Bruce L. Helmich - Page 7
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that he had never really received the money and told respondent
the same story he reiterated in court. At trial, petitioner
claimed that he erred in writing the three letters to the
Internal Revenue service.
In addition to his testimony, petitioner provided 4 months
of bank records to support his position that he did not receive
the $10,638. Petitioner's bank records show that $10,638 was not
deposited into his bank account in a 4-month period. They do not
establish that petitioner did not receive the money. At trial,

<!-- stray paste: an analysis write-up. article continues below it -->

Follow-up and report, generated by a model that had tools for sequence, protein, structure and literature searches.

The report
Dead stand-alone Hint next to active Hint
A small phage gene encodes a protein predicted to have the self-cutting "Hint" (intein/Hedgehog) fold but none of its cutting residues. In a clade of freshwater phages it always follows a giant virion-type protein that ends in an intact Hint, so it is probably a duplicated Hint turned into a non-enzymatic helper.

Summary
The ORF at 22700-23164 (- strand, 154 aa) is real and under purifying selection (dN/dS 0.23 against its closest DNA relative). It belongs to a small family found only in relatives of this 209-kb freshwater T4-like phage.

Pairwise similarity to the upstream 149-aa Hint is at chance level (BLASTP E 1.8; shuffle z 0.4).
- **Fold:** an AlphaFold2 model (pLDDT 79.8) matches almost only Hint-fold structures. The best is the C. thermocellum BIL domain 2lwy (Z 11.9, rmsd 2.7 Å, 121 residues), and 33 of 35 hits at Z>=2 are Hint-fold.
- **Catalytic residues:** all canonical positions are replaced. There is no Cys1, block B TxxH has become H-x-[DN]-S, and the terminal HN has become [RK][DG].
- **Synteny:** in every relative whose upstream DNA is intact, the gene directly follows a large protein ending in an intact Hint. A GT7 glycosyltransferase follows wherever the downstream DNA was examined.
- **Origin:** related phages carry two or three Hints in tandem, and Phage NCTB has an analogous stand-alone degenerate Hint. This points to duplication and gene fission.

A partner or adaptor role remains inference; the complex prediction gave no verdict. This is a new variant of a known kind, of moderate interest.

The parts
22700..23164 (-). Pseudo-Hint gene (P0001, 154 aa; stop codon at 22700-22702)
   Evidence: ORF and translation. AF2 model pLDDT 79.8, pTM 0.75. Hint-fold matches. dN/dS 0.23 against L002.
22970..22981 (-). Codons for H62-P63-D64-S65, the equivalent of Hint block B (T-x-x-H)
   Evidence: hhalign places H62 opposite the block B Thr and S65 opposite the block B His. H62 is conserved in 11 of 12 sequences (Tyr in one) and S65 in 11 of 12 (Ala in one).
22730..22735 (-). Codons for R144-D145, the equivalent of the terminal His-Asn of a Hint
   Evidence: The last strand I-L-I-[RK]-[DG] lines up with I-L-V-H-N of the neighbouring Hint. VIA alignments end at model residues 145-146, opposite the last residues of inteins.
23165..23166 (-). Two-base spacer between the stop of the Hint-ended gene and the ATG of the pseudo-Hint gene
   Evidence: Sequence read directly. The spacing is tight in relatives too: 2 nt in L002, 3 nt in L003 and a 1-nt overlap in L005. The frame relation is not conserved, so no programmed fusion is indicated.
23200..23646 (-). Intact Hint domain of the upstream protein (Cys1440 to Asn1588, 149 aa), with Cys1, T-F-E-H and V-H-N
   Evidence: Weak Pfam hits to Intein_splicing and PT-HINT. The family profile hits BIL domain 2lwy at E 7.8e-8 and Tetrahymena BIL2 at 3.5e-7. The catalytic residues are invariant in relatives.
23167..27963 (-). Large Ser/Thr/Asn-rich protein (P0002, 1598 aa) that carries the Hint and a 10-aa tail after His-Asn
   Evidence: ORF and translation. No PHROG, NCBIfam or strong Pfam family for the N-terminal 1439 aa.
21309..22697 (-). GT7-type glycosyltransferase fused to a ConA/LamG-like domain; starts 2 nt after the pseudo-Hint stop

petitioner contended that he never received the $10,638.
Respondent contended that the letters written by petitioner are
proof that he received the income and that the $10,638 must be
included in petitioner's gross income under section 61(a)(1).
A statutory notice of deficiency ordinarily carries with it
a presumption of correctness. Rule 142(a); Welch v. Helvering,
290 U.S. 111 (1933). Because of this presumption, taxpayers
generally, at least initially, have the burden of proof and the
burden of going forward with the evidence. Cebollero v.
Commissioner, 967 F.2d 986, 991 (4th Cir. 1992), affg. T.C. Memo.
1990-618; see also sec. 7491.
Under section 6201(d), if the taxpayer in a court proceeding
asserts a reasonable dispute with respect to the income reported
on an information return, and fully cooperates with the
Commissioner, then the Commissioner shall have the burden of
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